As I sat pondering a topic to write, I kept getting mixed images in my head from the previous week. All I could see was a multitude of emotional references that varied from racial topics to slander of a couple of quarterbacks.
Everyone saw the Rob Parker debacle as he spoke without thinking about Robert Griffin III. Rob Parker “allegedly” brought into question the blackness of Robert Griffin III because of his off-the-field demeanor. Parker’s referencing of RGIII as a “cornball brotha” really rattled a lot of cages in the sports world. In a sense, you can say that the majority of the people who spoke out the loudest were athletes immediately rushing to the defense of RGIII.
How does one define another person’s blackness? Last time I checked, people didn’t get to choose whether they were black or not. Ask Tiger Woods, Barack Obama, Halle Berry and Derek Jeter. These are all people who you could arguably question their blackness because they have more than one race intertwined in their DNA. However, they are identified as black because they look the part in one form or another.
Parker’s assessment of Griffin as a cornball would have been suffice by my standards had he just left it at his actions and not his demeanor. I think we can all agree that Griffin has some cornball in him. For example:
- Take a look at the weird socks that Griffin wears … that is a bit corny if you ask me.
- The sleeve and the glove on one hand and nothing on the other. Yep, corny.
But those things are identifiable and somewhat make him unique. Whether corny or not, I can live with that. Had Parker gone there, I would have been okay with that. Everyone has a little bit of corny behavior in them for the most part. I myself:
- Wear a straw hat with a big band on it in the summer
- Wear shoes with no socks on year-round
- Button my top button on my collard shirts even when there isn’t a tie to be worn
I am okay with my cornball behavior, and Griffin is apparently doing well with his too. Everyone has a side that people would consider corny. However, Parker crossed the line when he brought into question the legitimacy of Griffin's blackness because he dates a white woman and his political affiliation.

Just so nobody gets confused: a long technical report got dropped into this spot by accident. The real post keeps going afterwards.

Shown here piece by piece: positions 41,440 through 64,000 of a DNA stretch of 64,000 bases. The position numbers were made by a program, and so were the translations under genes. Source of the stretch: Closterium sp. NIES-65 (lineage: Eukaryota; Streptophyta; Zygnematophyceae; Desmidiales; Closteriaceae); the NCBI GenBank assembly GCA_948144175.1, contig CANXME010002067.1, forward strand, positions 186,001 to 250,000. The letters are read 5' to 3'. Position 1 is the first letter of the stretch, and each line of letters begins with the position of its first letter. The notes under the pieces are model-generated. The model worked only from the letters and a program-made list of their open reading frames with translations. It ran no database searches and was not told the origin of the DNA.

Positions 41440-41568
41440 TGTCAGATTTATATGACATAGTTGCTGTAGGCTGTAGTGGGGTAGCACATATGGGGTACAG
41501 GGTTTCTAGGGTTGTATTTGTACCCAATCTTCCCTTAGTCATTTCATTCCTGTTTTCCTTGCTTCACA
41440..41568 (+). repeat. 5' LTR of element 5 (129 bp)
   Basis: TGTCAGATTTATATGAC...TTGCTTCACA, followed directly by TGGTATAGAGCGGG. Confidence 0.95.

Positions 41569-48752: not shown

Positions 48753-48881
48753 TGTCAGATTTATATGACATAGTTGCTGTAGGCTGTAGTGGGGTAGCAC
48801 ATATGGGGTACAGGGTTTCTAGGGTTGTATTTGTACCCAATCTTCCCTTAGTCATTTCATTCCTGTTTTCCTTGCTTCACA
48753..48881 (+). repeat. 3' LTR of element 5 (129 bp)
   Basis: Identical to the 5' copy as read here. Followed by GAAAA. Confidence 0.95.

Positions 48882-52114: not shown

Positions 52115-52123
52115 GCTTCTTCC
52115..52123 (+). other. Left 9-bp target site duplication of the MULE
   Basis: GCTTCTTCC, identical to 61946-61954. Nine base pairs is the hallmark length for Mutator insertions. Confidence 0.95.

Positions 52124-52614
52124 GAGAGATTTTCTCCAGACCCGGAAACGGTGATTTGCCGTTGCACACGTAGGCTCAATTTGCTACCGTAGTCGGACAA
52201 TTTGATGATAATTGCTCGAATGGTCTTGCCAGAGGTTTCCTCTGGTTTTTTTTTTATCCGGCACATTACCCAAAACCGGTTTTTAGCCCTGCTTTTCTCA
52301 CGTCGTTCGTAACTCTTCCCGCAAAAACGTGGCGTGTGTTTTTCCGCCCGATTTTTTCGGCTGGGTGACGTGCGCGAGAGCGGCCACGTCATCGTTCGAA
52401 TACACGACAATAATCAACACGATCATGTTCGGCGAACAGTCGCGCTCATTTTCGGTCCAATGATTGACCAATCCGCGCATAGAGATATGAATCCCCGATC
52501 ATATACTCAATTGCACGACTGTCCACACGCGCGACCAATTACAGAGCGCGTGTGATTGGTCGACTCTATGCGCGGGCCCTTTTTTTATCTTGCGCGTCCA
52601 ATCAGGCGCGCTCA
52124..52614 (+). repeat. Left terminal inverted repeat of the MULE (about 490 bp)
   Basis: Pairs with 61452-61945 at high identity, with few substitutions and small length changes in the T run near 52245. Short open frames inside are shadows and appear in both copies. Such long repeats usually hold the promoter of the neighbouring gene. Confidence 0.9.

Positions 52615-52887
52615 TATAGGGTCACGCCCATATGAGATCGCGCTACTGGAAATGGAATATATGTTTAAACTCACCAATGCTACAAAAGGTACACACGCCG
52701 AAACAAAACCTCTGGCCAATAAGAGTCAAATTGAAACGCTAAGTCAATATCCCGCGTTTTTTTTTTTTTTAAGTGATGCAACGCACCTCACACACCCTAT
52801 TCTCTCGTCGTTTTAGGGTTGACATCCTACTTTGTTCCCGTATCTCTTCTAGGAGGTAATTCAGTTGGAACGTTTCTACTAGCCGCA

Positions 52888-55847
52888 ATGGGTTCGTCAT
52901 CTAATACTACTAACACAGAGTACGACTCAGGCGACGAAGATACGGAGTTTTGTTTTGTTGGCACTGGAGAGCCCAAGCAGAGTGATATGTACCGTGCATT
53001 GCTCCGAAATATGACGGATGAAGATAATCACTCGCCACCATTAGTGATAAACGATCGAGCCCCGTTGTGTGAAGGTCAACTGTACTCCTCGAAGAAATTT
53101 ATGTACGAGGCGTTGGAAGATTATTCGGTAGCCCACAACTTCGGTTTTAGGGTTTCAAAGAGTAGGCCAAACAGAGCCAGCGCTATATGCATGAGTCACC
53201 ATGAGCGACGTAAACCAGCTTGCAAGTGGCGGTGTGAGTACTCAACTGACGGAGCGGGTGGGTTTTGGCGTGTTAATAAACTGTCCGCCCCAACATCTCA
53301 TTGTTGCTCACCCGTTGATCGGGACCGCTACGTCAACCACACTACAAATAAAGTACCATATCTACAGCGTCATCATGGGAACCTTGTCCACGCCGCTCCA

Parker's comments opened up racial talks, but nothing sparked racism like the racial outbreak during Sunday Night Football when NBC interrupted the game to bring presidential correspondence for the children who were attacked in Newtown, Connecticut. When the game was interrupted, several people took to social media and attacked the president. Some of the things that were said were just pure disrespectful for the deceased, as well as the Office of the President of the United States.
Sure, it’s an individual's right to say what he or she wants about a person, but in the wake of the situation and the respect of the Office of the President, you would think that people would have been more sensitive to the matter. Instead, there was a barrage of “N” words being thrown out and the pure hatred of people who obviously object to having a black president.
The weekend officially came to a close, and Mark Sanchez may have sealed his own fate as a starting quarterback in the NFL. Sanchez seemed to have the world by the short and curly's for his first few years in the league, but he has been exposed as a fraud who is limited in ability and is a turnover machine. When you are picked as highly as Sanchez was, expectations are high. When you look at the rookies and second-year players who are getting an opportunity to play in the NFL now, they are all poised to be better than Sanchez if they aren’t already.
Maybe Pete Carroll was right when he said that Sanchez wasn’t ready. Someone’s head is going to roll for the Jets bad play this season and it is not likely to be the head coach. Expect the offensive coordinator and the quarterback to both get their walking papers.
Color Commentator for Time Warner Cable Sports Network NC/SC/OH and NCCU Sports Network. Washed up athlete who used to ball, now I write and call.